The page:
After water, salt, flour, and yeast, olive oil is the most common pizza dough ingredient. Olive oil makes pizza dough easier to work with and adds a subtle Mediterranean flavor.
Olive oil affects how gluten unravels and bonds when flour and water are combined. Olive oil lubricates pizza dough, making it easier to stretch and shape. Olive oil creates a thin moisture barrier that keeps pizza toppings from seeping into the crust.
Adding Olive Oil to Pizza Dough
The answer is nuanced and relies on the pizza’s cooking method. Original Italian dough recipes don’t call for oil, but oil is now commonly used because pizzas in Italy (at least at good pizzerias) are baked in open wood ovens at much higher temperatures than what we have at home. This makes the pizzas ready much more quickly—”violento” in Italy—(in a good oven, the pizzas are ready in just four minutes). Humidity is indeed a key factor for dough softness and taste.
Although EVOO (Extra Virgin Olive Oil)is needed for Verace Pizza Napoletana, high-oleic sunflower oil may be used in its stead. In terms of saturated fat content, high-oleic sunflower oil is equivalent to EVOO; however, it has no flavor. However, it will boost the taste of the other components because fat, in general, may transmit odors.
EVOO, on the other hand, has a rather bitter taste that may obscure the delicate smells of the tomato sauce. After all, whether you want the distinct flavor of the EVOO or to highlight the perfume of the tomato sauce is a matter of personal opinion.
It’s possible to prevent the dough from drying out by using a wood and stone oven. Because of the reduced “violento” (slowness) of cooking in an electric home oven (or even a larger electric industrial oven), a small amount of oil (I’d suggest a tablespoon for every 200 grams of flour) is useful for keeping the dough from drying out. After that, you’d top it with the ideal quantity of your preferred tomato-based sauce.
Don’t stress yourself out too much! Alternatively, you might bake a focaccia in place of pizza. However, everyone has their own method for bringing the dough to the table. There is a proverb that goes “you might have a thousand pizza cooks and a thousand pizzas.”
Is Oil Necessary for Pizza Dough?
Many people don’t understand the significance of oil in pizza dough. The solution is conditional on the dough’s final use. The dough is simpler to work with after being hydrated. Moreover, it makes the dough soft and pliable. It improves the dough’s taste and suppleness. The good news is that oil has many potential applications. How to include it into pizza dough and other information.
It’s possible that, if you’re new to creating homemade pizza dough, you’ve never heard of using oil in the dough. But if you follow a few simple guidelines, you can create flawless dough every time.
There will be no change in the dough’s hydration level with the addition of oil, but the dough will become more malleable and gluten development will be prevented. You may use a measuring cup or just eyeball the ratio of two to three tablespoons of oil to 500 grams of flour called for in most pizza dough recipes.
Bear in mind that oil is not a liquid when incorporating it into the dough. Fat is not a liquid since it does not contain water. A dough’s success depends on the correct combination of oil and water.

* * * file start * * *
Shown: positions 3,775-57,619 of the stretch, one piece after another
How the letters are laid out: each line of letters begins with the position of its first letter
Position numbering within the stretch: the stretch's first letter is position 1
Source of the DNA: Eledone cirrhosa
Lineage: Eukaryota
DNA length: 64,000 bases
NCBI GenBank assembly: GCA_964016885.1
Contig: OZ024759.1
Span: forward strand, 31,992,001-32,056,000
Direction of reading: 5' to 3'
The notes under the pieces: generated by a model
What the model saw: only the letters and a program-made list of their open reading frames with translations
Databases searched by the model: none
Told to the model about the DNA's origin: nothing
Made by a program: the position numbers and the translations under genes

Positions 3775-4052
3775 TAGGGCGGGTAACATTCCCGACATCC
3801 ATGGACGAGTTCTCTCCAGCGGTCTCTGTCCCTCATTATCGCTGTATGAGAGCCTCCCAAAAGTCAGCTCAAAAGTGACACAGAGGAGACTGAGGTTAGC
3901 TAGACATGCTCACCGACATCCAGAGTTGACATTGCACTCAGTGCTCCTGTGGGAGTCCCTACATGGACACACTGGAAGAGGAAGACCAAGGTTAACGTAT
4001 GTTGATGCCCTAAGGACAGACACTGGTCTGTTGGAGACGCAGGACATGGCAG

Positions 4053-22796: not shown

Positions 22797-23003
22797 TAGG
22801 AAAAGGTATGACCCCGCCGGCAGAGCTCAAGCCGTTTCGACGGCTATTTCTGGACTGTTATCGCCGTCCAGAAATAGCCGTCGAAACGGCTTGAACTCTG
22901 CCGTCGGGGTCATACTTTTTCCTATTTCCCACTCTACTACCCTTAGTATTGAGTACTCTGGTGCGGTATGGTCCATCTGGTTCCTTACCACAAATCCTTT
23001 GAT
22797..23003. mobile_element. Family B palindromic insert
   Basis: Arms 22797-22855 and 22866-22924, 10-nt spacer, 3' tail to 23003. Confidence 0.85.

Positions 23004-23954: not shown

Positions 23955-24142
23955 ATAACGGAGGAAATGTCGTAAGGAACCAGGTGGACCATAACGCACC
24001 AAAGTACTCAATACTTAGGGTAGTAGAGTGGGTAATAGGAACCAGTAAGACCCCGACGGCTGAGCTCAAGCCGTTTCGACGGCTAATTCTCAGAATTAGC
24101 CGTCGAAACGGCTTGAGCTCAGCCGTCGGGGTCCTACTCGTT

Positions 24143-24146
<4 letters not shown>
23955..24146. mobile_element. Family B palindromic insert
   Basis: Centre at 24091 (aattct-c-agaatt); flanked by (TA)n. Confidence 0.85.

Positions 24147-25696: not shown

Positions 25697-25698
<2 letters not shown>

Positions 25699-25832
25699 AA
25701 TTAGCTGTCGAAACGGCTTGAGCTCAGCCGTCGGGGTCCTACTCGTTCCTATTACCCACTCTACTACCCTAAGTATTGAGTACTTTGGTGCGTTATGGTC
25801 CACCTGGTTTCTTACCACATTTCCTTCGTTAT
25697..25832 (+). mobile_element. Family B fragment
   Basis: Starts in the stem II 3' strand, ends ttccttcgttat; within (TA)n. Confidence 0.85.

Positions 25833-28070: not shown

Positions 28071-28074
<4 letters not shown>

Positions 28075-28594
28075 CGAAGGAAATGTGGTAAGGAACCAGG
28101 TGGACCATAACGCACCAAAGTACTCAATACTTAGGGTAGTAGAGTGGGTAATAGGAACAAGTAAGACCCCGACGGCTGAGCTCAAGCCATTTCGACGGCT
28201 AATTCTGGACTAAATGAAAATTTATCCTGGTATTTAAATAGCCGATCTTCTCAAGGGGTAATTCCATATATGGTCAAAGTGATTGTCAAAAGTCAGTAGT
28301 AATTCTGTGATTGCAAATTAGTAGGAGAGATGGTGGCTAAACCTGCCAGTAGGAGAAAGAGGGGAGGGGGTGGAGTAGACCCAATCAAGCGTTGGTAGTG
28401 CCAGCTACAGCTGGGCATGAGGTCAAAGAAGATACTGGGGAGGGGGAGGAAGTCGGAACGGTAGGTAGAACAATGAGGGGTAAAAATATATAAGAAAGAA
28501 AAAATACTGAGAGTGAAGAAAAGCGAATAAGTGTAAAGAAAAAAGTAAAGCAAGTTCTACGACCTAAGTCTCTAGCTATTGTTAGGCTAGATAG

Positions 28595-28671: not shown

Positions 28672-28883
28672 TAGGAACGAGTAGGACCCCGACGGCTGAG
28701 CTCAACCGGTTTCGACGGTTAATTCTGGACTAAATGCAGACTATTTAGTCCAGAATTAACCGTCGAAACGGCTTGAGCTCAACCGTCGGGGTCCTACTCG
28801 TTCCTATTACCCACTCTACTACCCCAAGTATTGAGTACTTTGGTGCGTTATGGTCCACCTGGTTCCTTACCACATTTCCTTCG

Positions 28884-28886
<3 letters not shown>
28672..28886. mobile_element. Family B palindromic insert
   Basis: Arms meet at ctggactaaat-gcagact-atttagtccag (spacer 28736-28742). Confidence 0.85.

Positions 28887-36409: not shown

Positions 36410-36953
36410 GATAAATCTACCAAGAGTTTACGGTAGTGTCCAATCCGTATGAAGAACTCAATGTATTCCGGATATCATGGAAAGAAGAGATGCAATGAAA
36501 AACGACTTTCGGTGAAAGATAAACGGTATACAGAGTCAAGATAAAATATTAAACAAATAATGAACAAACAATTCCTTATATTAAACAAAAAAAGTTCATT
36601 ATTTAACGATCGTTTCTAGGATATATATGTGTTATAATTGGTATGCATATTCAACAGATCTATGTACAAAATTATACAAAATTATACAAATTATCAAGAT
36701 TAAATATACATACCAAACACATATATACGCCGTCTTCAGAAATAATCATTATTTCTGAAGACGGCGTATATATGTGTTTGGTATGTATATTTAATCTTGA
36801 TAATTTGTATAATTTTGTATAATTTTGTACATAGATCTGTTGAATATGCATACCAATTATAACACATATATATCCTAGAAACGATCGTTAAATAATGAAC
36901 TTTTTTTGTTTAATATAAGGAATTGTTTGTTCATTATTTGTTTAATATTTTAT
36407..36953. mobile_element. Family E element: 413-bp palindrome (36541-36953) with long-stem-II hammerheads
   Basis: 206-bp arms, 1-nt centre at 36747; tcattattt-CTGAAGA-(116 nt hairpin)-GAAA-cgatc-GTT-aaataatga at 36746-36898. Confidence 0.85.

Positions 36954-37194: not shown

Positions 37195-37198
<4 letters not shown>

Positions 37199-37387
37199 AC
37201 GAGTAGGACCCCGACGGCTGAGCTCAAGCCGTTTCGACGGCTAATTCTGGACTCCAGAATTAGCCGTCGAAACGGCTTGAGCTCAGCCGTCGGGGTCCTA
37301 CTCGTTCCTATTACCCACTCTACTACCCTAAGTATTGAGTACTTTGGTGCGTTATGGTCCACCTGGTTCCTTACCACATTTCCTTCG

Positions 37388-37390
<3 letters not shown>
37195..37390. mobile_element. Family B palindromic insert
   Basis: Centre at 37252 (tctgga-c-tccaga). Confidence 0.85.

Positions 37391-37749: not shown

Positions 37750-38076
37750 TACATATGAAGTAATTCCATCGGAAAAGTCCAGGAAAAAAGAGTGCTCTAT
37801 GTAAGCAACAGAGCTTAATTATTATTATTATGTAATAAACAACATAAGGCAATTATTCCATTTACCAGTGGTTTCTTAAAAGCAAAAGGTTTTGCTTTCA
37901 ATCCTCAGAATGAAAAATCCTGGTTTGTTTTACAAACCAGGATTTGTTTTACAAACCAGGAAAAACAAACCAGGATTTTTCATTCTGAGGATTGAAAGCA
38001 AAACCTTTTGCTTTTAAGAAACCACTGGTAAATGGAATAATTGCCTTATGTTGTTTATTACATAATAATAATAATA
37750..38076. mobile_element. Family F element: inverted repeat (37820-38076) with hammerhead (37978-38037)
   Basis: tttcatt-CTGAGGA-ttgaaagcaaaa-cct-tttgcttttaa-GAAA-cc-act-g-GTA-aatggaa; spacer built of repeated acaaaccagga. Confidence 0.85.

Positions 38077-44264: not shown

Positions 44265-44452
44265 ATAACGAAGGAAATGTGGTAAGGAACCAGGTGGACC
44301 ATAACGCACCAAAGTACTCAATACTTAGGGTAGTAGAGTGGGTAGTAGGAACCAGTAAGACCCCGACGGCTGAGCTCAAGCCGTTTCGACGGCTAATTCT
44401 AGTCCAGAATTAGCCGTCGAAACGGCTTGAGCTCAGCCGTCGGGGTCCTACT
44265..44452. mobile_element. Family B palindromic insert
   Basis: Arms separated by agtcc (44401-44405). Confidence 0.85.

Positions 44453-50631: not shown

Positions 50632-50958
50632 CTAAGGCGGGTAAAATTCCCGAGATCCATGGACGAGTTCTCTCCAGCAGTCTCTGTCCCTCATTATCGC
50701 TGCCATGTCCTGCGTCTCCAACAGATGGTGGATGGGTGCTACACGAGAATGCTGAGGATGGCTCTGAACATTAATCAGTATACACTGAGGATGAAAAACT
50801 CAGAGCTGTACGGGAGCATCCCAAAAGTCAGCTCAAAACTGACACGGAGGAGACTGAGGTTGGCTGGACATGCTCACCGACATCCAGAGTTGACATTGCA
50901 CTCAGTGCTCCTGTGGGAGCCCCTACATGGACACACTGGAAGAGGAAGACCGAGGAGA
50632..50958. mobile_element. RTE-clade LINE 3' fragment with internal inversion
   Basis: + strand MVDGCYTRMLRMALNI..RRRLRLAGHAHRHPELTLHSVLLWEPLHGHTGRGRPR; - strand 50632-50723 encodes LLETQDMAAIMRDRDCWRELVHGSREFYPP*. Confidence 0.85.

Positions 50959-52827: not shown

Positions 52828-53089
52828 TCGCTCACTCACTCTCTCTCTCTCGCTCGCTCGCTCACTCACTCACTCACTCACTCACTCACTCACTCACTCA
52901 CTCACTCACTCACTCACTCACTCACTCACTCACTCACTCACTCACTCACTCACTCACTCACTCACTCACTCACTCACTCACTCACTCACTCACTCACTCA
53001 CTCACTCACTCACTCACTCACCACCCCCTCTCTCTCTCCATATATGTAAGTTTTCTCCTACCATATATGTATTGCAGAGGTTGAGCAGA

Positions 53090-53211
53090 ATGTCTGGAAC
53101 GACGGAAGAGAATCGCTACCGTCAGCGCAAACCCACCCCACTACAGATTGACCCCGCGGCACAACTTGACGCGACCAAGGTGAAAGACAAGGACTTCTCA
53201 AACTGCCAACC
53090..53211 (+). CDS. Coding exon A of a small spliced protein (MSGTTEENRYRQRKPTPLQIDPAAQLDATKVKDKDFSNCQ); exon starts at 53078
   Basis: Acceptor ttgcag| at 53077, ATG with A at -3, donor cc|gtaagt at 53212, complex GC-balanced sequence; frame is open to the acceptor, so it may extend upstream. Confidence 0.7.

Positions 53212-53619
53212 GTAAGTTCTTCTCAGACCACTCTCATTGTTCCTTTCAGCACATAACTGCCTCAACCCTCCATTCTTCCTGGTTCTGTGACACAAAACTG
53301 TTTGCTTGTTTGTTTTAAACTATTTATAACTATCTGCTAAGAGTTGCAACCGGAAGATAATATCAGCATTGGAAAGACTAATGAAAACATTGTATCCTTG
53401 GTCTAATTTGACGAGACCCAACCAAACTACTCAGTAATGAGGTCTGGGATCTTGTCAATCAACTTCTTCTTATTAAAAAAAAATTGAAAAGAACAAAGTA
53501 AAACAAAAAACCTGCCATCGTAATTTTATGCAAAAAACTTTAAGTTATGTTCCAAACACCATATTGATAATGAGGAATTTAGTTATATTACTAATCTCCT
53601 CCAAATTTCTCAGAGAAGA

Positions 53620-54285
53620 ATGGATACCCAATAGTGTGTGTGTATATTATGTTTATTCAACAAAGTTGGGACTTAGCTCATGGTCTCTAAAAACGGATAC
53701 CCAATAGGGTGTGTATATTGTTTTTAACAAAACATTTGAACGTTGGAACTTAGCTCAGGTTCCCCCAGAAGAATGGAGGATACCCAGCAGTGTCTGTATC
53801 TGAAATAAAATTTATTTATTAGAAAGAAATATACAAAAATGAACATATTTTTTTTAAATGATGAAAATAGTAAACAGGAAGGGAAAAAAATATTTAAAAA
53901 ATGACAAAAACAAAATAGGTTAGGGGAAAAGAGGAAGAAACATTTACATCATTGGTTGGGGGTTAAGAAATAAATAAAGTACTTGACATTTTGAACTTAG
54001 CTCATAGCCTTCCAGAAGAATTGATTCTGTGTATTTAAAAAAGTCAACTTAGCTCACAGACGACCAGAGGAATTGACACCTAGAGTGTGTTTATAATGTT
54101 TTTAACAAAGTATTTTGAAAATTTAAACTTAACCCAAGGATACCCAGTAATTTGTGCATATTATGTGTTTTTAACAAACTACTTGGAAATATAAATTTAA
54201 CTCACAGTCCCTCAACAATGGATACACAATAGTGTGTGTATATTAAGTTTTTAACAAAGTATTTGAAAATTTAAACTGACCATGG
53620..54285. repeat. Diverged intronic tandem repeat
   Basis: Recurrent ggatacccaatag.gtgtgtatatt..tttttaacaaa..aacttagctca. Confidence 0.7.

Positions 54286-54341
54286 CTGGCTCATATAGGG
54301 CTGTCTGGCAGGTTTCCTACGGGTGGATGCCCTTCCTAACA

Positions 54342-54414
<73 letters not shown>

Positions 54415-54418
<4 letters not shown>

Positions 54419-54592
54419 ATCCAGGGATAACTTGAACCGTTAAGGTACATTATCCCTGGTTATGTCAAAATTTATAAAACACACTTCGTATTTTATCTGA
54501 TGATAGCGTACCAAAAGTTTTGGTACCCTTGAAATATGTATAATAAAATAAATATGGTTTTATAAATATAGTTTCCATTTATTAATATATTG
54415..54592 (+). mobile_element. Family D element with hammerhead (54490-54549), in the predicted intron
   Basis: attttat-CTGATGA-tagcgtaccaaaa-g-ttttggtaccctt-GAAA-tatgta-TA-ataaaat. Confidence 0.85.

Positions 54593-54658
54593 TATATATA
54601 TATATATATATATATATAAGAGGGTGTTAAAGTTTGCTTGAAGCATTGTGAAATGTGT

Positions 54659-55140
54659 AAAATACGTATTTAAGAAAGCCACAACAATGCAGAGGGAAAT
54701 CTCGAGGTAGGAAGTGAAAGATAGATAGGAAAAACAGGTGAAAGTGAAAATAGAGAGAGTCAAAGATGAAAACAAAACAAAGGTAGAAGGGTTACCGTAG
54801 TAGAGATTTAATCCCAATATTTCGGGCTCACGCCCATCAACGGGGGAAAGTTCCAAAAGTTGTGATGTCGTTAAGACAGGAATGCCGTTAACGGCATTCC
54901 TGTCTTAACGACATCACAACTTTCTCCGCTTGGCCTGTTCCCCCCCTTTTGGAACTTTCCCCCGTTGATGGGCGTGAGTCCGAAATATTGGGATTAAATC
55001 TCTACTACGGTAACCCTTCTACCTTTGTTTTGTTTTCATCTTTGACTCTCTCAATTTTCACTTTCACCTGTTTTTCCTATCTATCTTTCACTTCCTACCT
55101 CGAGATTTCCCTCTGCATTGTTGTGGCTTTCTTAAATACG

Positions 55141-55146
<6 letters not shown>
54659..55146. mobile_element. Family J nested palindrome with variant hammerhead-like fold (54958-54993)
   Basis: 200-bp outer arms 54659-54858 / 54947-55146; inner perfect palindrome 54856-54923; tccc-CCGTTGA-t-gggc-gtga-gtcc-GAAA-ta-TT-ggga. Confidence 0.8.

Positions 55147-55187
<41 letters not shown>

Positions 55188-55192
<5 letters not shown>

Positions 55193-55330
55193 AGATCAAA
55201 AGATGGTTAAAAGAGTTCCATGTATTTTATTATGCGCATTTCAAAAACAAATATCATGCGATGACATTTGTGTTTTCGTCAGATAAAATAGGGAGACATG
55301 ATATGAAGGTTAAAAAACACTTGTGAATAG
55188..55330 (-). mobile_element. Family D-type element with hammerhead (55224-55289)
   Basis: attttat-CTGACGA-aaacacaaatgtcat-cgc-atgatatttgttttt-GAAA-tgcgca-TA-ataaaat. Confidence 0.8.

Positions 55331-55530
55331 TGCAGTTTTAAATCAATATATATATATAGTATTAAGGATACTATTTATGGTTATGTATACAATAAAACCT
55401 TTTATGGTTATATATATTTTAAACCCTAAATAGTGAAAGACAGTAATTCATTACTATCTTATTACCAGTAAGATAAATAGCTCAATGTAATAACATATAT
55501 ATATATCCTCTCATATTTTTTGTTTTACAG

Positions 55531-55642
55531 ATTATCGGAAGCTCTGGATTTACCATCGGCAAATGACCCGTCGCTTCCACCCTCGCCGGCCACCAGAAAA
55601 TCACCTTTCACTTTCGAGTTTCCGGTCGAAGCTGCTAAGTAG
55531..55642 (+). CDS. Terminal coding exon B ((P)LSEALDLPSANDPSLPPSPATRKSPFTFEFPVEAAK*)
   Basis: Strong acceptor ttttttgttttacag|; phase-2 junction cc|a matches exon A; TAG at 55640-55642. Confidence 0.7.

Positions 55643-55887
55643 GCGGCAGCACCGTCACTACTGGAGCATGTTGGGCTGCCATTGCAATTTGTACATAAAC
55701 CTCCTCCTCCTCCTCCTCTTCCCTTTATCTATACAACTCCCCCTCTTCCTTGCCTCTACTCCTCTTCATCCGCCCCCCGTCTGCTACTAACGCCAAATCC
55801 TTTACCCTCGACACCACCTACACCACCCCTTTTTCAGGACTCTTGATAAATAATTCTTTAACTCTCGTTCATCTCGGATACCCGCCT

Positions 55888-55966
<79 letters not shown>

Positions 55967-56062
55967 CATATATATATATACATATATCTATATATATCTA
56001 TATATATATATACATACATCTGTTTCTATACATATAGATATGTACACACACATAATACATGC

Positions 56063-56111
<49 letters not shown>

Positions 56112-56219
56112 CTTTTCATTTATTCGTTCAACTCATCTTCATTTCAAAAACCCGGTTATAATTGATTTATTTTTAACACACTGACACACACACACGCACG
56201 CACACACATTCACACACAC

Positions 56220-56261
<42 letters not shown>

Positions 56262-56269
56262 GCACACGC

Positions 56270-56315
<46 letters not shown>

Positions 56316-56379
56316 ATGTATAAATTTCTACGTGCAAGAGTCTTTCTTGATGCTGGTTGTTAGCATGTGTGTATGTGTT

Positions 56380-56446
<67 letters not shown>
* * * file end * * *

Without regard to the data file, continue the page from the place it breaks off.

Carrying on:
In order to prevent the dough from becoming too dry, reduce the amount of water by one pound before adding the oil. The flour and water mixture has to be worked together for two minutes to fully hydrate the flour. To get the dough to the appropriate consistency, this is a must. The dough should feel quite soft when it is ready. More oil may be needed if the mixture is dry and crumbly.
Putting oil into the pizza dough is a must. It’s great for the dough’s elasticity and keeping its moisture levels stable. It enhances the flavor as well. Oil is a must-have for making a tasty pizza, but it won’t change the flavor overall. Instead, it facilitates the culinary process. The prep time is reduced, and you end up with more dough in the end product.
When should I rub olive oil into the dough for pizza?
The olive oil should be added to the pizza dough at the conclusion of the preparation process. It’s best to wait until the other ingredients have had a chance to do their jobs before getting started. Oil’s natural separation from water might have an unanticipated impact on your dough’s hydration.
Exactly what happens if you put too much olive oil on pizza dough?
Don’t stress if you accidentally order too much or too little oil. Not as much of an impact as you’d want, unfortunately.
First, you could find that the dough is more moist than you anticipated after adding more oil. This is acceptable while we’re mixing. You can sprinkle some flour over and work it in while kneading to adjust the texture.
By now, it’s too late to start stressing out that you put in an excessive amount of oil. The scent of the pizza crust could be a little stronger, but it won’t overpower the other flavors.
There may be a slight change in dough color if you use this in cooking, but that’s about it. Your pizza crust’s browning and crispness will both be improved by the olive oil. It’s safe to assume that most individuals would embrace this development.
When making pizza, what kind of olive oil works best?
For pizza dough, I suggest using only extra-virgin olive oil. There are too many paths forward from here to recommend one over another.
To me, the best olive oils are those that come straight from Italy, the country where olive trees first began growing. After trying authentic, freshly-pressed olive oil from Italy, it’s difficult to go back to store-bought varieties.
But don’t put too much thought into it. And olive oil from the supermarket should do the trick.
To spice up your pizza crust, try using olive oil flavored with different flavors.